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   Re: [xml-dev] InnerXml is like printf (WAS: Underwhelmed)

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Miles Sabin wrote:
> Elliotte Rusty Harold wrote,
> > At 10:40 AM -0600 9/21/02, Aaron Skonnard wrote:
> > > Yes, both MSXML and the .NET implementation have supported this
> > > through the Inner/OuterXml properties.
> >
> > Now that you mention it, I have seen that. I had filed it away at the
> > back of my brain as "horrid, ugly, non-standard extensions to
> > JavaScript and DOM" and promptly forgotten it once I finished working
> > at the company that was using it.
> That's always been my reaction too.
> But on reflection (and playing devils advocate a bit) maybe it's not as
> unreasonable as it seems. [...]
> To illustrate, compare,
>  [...]
>   String s = "InnerXml";
>   int i = 2;
>   Element usability = new Element("usability");
>   usability.add(new Attribute("factor", Integer.toString(i)));
>   usability.appendChild(s);
>   vs.
>   String s = "InnerXml";
>   int i = 2;
>   parent.appendChild("<usability factor=\"+2+"\">"+s+"</usability>");
> Why do these string-template approaches support such dramatically more
> compact and readable code? I think it's simply because the syntax of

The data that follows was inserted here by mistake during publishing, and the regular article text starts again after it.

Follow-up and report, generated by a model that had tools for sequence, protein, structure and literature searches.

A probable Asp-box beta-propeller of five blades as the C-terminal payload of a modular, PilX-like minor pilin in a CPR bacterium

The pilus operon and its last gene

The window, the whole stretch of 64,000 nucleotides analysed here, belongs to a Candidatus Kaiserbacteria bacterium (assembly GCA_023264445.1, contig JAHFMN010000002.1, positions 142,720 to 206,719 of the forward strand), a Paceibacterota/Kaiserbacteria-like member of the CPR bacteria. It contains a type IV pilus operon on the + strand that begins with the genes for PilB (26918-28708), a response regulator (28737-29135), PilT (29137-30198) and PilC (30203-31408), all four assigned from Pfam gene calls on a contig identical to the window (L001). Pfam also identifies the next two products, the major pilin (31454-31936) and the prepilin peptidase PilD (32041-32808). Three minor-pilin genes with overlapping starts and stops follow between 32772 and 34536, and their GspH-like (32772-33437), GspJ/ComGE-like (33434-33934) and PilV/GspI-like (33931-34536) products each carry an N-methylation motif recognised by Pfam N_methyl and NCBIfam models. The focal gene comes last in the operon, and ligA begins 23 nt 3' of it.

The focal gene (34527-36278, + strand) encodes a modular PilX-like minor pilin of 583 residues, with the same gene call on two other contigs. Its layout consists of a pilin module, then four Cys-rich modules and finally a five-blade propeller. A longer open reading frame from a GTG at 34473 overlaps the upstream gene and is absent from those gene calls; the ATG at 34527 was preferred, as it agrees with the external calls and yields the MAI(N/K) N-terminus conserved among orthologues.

> the template-strings provides a domain-specific "little language" which
> is better tuned to the task at hand than the generic mechanisms
> provided by the host language. I guess things like embedded SQL, for
> all their ugliness, do much the same job.

With the right host language, it's often possible to embed
a domain-specific language using features of host language itself.
Tcl, Haskell, Scheme, Python, and Forth all have good
syntactic extensibility.

For example, here's how I'd write the above example in Tcl:

    xml::element usability factor $i  { xml::text $s }

and in Haskell:

    mkElement "usability" (mkAtt "factor" (show i)) (mkText s)

Granted, neither of these look a *whole* lot better than the first form,
but that's mostly because the example is so short and the constructed
XML isn't very deeply nested.   When it comes to even more slightly
complex output structures, though, I think they're both a clear win
over the explicit node-at-a-time DOM interface and the InnerXml/
document.write() approach:

    xml::element HTML {
	xml::element HEAD {
	    xml::element TITLE {
	    	xml::text $Title
	    xml::element LINK  type text/css  href stylesheet.css
	    xml::element LINK  rel next  href [nextDocument]
	    xml::element LINK  rel prev  href [prevDocument]
	xml::element BODY {
	    xml::element P {
		xml::text "Hello world!"

> So maybe the answer would be to come up with a template string syntax
> that's more idiomatic for XML than printf style. How about something
> XPath-like? For example,
>   String s = "XPath expansion";
>   int i = 2;
>   parent.appendChild("usability[@factor="+i+"]/text("+s+")");
> or if we waited for J2SE 1.5 which'll have auto-boxing and concise array
> literals, we could even have,
>   parent.appendChild("usability[@factor=%i]/text(%s)", {i, s});
> Thoughts?

Well, if you insist on using a Java-like language to process XML,
that's probably the best way out :-)

--Joe English



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